Time and eternity were in even closer proximity during that funeral than they usually are at such events.  Only minutes into the services, just as one of the daughters was commencing the “life sketch” for her departed mother, an elderly man (apparently a beloved former bishop in that small community) collapsed behind me and to my left, perhaps (I’m just guessing) from a heart attack.  Those around him managed to get him into one of the foyers, to stretch him out on the floor, and to call 911.  At first, I thought he was dead.  His wife was kneeling beside him on the floor, hugging him, sobbing and pleading that he not die.  Once things were more or less under control, though, and after help had been summoned, being a stranger and irrelevant — my doctorate is one of those that has no practical use at crucial moments like this — I walked out to the curbside in front of the church where I could direct the EMTs and the ambulance to the appropriate side of the church and the correct door.  In a case such as this, I knew, saving a minute or two might, conceivably, be of enormous importance.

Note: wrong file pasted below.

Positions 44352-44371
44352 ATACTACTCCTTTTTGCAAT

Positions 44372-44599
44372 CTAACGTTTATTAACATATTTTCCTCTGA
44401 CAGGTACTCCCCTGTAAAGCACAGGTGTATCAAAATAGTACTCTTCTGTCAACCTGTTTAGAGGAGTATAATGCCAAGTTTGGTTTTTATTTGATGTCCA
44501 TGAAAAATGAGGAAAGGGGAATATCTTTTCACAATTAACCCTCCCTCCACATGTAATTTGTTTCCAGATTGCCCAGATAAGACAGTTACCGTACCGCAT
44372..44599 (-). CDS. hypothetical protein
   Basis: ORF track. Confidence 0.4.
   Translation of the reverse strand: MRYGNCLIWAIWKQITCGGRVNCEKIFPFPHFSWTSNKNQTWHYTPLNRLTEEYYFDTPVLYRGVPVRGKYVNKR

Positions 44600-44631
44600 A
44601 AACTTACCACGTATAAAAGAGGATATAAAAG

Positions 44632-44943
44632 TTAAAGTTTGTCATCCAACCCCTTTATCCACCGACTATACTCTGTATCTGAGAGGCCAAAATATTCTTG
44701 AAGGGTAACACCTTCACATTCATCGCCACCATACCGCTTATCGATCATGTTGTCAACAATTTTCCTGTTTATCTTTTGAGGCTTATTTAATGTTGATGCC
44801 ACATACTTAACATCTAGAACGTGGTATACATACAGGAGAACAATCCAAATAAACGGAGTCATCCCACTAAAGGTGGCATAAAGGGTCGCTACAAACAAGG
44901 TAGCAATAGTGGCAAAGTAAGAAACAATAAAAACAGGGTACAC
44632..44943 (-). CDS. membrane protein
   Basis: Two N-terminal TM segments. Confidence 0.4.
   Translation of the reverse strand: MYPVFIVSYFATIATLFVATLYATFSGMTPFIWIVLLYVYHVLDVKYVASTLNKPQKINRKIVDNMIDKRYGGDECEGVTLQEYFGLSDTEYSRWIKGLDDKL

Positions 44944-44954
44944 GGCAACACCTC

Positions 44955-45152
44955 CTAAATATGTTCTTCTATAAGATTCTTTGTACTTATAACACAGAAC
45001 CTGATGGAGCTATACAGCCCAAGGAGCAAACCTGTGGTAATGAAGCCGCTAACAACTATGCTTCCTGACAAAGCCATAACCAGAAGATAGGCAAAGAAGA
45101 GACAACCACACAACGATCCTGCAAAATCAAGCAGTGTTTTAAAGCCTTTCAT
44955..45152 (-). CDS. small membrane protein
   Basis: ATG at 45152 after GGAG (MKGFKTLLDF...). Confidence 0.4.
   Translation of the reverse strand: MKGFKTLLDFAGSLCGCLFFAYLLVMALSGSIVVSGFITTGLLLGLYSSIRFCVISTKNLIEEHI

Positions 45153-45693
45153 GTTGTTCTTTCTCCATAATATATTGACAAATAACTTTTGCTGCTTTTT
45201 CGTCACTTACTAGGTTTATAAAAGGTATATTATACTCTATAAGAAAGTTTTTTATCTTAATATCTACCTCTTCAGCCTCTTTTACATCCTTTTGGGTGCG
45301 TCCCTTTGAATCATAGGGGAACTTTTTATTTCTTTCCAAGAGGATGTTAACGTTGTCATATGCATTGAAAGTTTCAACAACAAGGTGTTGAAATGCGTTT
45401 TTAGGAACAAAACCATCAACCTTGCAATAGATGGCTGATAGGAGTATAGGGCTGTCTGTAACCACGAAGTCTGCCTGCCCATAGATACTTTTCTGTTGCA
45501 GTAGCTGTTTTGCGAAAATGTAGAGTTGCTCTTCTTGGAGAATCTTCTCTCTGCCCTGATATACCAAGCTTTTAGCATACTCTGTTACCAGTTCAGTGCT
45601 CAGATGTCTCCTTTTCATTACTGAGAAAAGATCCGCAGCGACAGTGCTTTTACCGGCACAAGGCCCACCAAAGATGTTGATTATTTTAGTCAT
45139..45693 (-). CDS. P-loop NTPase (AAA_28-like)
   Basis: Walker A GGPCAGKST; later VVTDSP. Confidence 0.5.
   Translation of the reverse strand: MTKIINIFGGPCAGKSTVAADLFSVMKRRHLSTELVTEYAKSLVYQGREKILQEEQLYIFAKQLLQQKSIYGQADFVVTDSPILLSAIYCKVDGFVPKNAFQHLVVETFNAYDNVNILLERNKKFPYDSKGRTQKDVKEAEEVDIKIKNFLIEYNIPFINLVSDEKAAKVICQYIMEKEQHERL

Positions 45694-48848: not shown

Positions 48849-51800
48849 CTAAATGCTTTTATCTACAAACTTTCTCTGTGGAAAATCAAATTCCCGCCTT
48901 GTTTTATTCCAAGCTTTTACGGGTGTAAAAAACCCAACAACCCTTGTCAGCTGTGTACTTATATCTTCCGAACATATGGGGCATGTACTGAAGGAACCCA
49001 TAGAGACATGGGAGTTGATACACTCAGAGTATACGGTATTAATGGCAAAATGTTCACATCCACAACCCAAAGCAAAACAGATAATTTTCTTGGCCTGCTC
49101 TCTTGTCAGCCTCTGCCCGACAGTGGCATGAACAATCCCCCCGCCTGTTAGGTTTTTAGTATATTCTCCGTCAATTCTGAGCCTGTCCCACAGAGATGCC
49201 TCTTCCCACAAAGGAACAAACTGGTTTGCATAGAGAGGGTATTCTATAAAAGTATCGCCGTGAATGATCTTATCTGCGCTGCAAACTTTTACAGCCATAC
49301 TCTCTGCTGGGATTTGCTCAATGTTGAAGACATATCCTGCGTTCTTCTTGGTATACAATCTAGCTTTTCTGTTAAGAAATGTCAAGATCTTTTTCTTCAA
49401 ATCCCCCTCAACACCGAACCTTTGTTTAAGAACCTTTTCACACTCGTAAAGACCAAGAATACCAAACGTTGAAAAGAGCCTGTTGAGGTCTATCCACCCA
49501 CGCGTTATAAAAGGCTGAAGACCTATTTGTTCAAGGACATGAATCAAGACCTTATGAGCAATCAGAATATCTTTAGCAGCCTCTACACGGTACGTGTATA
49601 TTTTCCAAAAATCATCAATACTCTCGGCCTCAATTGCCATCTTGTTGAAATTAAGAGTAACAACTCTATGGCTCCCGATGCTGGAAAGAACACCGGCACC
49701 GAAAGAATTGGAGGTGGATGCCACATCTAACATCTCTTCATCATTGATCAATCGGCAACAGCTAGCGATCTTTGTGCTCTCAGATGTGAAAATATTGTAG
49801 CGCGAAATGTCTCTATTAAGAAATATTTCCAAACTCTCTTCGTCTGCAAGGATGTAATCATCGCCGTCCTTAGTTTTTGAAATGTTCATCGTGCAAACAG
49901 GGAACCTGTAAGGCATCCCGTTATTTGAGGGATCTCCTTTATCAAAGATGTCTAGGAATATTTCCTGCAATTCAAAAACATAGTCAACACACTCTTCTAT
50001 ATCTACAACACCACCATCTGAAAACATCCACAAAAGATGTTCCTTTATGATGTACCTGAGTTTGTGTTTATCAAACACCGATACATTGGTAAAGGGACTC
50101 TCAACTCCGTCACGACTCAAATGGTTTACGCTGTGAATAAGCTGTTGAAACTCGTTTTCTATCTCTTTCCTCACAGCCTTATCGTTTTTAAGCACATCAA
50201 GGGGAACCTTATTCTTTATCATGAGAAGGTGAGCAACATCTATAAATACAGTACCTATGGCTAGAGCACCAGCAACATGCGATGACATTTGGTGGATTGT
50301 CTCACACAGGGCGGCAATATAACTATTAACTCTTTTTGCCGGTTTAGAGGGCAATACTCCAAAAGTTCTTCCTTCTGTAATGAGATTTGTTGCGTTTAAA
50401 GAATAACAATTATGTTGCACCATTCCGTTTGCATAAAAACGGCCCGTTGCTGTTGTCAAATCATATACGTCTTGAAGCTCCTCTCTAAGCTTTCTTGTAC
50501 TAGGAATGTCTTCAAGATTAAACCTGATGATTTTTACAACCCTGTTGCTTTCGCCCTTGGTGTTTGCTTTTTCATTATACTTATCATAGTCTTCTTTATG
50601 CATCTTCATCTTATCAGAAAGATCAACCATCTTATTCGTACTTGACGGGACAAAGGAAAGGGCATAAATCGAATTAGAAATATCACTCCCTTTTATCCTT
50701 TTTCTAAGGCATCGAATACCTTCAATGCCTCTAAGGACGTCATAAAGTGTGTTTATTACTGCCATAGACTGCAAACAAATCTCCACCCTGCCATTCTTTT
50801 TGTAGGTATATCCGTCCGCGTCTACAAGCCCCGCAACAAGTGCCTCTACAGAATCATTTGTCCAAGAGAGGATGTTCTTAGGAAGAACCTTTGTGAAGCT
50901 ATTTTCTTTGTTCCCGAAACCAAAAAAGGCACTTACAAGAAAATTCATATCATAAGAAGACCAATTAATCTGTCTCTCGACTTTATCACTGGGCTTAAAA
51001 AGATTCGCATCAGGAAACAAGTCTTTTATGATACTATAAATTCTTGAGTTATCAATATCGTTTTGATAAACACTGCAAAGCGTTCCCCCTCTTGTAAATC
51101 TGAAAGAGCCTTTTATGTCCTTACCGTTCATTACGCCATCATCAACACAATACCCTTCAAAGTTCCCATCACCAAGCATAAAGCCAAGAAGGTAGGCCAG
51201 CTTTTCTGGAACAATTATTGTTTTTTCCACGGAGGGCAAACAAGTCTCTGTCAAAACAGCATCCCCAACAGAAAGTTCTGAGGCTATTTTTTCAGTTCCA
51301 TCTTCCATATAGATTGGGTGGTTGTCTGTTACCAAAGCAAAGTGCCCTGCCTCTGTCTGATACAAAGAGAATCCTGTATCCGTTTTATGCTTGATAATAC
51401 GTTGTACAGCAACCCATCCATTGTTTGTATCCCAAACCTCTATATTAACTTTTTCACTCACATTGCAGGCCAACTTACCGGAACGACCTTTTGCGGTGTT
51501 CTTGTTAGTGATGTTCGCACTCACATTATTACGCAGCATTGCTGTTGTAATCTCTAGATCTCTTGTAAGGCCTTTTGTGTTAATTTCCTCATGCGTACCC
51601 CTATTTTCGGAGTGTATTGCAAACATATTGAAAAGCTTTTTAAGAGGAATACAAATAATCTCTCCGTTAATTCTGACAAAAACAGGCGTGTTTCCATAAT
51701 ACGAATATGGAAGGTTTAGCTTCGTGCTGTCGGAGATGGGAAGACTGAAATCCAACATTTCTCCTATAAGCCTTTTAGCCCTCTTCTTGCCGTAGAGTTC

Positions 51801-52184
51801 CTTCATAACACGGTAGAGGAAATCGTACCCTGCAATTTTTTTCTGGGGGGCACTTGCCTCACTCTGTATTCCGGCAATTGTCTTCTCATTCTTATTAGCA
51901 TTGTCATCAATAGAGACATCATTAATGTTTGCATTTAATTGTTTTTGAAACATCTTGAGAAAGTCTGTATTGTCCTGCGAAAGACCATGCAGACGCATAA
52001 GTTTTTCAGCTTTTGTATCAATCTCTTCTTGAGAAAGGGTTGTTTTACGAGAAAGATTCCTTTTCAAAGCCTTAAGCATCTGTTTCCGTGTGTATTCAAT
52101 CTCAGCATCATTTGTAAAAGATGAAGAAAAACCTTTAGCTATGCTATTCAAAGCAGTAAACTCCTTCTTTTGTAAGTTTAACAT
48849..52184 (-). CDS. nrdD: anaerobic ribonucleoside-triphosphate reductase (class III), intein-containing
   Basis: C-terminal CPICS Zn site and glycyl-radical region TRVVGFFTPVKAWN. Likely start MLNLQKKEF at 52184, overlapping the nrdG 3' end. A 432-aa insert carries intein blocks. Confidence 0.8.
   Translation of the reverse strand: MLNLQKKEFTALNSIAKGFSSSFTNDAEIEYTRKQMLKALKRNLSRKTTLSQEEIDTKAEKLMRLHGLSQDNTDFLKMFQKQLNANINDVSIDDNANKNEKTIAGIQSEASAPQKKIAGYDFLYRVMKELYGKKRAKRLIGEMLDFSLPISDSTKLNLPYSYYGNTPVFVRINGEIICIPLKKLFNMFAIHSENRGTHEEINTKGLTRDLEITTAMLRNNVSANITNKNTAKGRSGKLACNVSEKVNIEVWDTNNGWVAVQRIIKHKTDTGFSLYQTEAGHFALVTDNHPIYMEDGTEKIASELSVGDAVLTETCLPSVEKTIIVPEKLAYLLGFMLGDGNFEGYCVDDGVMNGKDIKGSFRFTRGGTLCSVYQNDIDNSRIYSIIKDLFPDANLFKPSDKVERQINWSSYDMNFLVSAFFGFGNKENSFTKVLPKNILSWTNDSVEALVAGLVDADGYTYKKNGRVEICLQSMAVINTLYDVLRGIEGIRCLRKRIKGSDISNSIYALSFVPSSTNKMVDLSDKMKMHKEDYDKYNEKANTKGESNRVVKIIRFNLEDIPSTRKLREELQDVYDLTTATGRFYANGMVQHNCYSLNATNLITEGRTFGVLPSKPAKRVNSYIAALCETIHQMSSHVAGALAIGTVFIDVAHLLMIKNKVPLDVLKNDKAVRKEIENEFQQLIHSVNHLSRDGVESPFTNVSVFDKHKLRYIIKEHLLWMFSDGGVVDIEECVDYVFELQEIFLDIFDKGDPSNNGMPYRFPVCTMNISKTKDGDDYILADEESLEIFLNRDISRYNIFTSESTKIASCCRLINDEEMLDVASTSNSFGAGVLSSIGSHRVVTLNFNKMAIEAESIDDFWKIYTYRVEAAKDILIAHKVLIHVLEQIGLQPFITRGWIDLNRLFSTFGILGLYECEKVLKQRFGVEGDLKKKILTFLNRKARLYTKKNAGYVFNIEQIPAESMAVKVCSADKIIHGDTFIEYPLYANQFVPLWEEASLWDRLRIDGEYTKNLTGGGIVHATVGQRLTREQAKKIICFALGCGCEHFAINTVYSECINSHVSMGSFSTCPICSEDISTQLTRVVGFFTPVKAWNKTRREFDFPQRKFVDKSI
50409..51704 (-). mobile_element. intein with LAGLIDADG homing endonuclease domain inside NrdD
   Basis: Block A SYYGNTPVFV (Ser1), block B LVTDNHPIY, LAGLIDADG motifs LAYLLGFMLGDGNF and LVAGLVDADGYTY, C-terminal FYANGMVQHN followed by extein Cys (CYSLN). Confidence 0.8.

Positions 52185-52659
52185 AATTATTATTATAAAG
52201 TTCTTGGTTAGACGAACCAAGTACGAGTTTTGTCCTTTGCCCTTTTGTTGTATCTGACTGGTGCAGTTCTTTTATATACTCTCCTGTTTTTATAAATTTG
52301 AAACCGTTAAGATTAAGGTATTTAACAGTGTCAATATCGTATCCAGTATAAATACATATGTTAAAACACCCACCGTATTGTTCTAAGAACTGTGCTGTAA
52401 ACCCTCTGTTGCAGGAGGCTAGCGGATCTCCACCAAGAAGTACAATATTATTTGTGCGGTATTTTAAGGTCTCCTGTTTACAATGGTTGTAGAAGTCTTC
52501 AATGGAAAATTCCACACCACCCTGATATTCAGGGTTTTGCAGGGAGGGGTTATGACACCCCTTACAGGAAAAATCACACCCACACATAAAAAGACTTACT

In the end, the man was semi-conscious as they loaded him into the ambulance to take him down to a major hospital in Ogden.  The stake president who was presiding at the funeral (of his mother) sent the bishop who was conducting the services out to see how things were going, and the funeral paused as the people there joined in prayer for their stricken friend and brother in the Gospel.  I was outside, but was told about it later.  I would be very surprised, too, if those gathered right around the man didn’t lay their hands upon him for a priesthood blessing, as well, while they waited for medical help to arrive.

 

And the elders of the church, two or more, shall be called, and shall pray for and lay their hands upon them in my name; and if they die they shall die unto me, and if they live they shall live unto me.

Thou shalt live together in love, insomuch that thou shalt weep for the loss of them that die, and more especially for those that have not hope of a glorious resurrection.

And it shall come to pass that those that die in me shall not taste of death, for it shall be sweet unto them; . . .

And again, it shall come to pass that he that hath faith in me to be healed, and is not appointed unto death, shall be healed.  (Doctrine and Covenants 42:44-46, 48)